Organised fraudsters tried to steal more than half a billion pounds from the government's tax credit system in 2005/06, new figures show.
The HMRC encourages people to make accurate claims
HM Revenue & Customs (HMRC) says that of the £540m it knows about, it lost £131m to fraud, up from an earlier estimate of £15m.
Some 53,000 fraudulent claims were only discovered after payment - although HMRC stopped 91,000 other attempts.
Tax credits are designed to assist low-paid workers and families.
Paid to families accounting for more than 20 million people, they were introduced by the government in 2003 and have been a core policy for Chancellor Gordon Brown ever since.
But the system has been dogged both by fraud and also by overpayments to claimants, which amounted to £1.8bn in 2004/05.
The fraud and error figures are contained in a report issued by HMRC to accompany a statement by Paymaster General Dawn Primarolo.
They demonstrate an upsurge in fraud - accompanied by urgent action by HMRC to try to tackle it.
A sample of cases in 2003/04 indicated that total fraud that year amounted to some £70m.
However, since then it has become clear that organised crime syndicates have mounted a sustained assault on the tax credit system, as BBC News revealed in October 2005.
In late 2005, according to a separate report from the National Audit Office, 62,000 attempts were made to defraud the system's online portal - which did not require claimants to provide documentary evidence.
Of these, 33,000 were successful - at a cost of £55m.
This led to the closure of the portal in December 2005.
At the same time, an investigation was launched into the misuse of the identities of some 7,000 employees at the Department of Work and Pensions - as well as another 4,000 at Network Rail.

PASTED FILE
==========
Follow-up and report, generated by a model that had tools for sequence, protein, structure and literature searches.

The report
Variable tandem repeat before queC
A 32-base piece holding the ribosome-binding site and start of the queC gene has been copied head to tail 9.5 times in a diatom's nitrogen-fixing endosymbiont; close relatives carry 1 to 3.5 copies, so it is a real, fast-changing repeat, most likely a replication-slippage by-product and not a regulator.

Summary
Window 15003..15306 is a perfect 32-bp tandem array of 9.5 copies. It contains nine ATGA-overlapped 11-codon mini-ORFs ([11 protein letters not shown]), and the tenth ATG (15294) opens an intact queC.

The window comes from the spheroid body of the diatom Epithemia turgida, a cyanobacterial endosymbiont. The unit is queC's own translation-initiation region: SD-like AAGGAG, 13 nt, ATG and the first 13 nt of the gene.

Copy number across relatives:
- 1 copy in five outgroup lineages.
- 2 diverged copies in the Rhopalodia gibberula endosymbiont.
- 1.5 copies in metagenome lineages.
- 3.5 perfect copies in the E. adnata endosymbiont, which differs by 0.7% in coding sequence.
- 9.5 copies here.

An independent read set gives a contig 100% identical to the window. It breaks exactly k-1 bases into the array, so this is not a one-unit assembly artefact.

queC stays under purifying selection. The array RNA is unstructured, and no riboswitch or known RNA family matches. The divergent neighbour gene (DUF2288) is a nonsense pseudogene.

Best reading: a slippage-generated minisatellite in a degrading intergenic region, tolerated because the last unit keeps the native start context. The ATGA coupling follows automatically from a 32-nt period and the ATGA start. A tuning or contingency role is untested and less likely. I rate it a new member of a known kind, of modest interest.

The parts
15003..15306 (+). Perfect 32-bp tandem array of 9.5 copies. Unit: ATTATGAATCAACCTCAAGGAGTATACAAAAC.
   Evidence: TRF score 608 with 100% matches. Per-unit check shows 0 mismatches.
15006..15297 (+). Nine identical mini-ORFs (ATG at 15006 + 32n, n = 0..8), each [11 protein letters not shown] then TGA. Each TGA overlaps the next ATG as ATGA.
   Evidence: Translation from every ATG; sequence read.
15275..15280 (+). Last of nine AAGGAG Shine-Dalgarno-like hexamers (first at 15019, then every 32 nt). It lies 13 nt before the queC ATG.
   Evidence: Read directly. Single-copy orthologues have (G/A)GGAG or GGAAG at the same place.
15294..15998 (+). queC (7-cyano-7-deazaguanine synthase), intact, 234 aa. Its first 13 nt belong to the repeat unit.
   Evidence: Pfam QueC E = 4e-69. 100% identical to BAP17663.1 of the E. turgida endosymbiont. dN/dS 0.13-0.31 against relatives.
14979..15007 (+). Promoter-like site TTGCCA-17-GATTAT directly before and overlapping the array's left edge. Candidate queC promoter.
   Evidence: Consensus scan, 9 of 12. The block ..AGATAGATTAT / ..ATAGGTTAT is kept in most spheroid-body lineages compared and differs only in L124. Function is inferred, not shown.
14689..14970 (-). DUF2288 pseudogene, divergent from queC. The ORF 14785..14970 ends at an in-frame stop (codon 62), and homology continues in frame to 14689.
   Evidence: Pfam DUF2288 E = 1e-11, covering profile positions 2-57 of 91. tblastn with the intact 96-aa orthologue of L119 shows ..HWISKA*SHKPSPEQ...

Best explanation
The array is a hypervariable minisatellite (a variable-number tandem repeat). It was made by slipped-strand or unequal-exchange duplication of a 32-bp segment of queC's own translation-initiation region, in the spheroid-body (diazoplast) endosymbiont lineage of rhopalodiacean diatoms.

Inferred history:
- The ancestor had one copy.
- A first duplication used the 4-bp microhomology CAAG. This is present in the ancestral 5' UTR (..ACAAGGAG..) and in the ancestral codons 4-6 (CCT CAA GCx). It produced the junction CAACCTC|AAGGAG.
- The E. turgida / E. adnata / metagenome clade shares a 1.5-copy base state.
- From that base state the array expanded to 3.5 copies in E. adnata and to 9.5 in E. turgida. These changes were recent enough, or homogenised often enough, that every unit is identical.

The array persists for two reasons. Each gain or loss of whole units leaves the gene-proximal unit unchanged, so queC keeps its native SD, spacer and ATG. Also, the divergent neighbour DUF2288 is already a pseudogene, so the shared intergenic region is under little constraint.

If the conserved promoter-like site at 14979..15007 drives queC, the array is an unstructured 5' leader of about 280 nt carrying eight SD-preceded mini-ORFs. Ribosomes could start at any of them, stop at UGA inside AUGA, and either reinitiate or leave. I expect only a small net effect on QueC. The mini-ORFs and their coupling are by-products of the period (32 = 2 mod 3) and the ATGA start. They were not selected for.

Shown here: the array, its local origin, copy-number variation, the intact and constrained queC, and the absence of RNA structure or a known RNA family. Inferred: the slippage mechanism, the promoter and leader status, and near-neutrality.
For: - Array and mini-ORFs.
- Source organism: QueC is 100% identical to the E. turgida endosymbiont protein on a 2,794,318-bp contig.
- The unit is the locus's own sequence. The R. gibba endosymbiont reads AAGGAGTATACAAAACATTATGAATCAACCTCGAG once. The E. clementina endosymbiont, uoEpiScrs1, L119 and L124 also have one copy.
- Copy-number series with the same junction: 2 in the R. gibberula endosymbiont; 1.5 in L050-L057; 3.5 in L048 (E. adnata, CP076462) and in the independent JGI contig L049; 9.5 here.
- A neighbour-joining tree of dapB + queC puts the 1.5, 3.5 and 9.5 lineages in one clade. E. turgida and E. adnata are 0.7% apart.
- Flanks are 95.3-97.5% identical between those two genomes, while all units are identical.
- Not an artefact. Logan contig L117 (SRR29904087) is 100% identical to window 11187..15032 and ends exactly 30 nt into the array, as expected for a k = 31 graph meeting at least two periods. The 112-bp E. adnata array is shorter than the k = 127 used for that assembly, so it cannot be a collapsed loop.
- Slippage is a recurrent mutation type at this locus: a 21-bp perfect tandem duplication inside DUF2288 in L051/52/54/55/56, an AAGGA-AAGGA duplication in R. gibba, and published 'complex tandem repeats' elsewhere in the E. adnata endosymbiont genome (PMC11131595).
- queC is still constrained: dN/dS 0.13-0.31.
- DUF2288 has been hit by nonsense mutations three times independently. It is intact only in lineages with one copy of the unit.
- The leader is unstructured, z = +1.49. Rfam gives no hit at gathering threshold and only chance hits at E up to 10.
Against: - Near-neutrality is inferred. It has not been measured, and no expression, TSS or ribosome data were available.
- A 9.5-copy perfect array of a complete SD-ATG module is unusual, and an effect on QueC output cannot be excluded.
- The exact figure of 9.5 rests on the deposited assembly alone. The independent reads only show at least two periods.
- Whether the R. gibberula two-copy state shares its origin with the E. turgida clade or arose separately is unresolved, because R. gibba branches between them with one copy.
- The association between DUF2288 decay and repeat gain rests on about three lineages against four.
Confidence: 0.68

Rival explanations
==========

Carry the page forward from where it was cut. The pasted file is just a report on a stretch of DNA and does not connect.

HMRC has now increased the number of prepayment checks it makes to 100,000 in 2005/06 - a fiftyfold increase in two years.
By 2007/08, it promises to expand its current data matching efforts - focused mainly on Child Benefit - to "a wide range of current and historical personal data held by HMRC and from third parties".
On overpayments, the government has now changed the rules - meaning that overpayments need to be much bigger before HMRC claws back the money.
The new reports include one analysing the performance of the system in its first year, 2003/04, revealing that fraud and claimant error cost the government an estimated £1.2 billion.
This amounted to around 10% of all tax credit payments - nearly three times an earlier official estimate of £460m included in a National Audit Office assessment in 2005.
There were 90,000 claimants who mistakenly failed to mention a partner, receiving overpayments totalling £305m.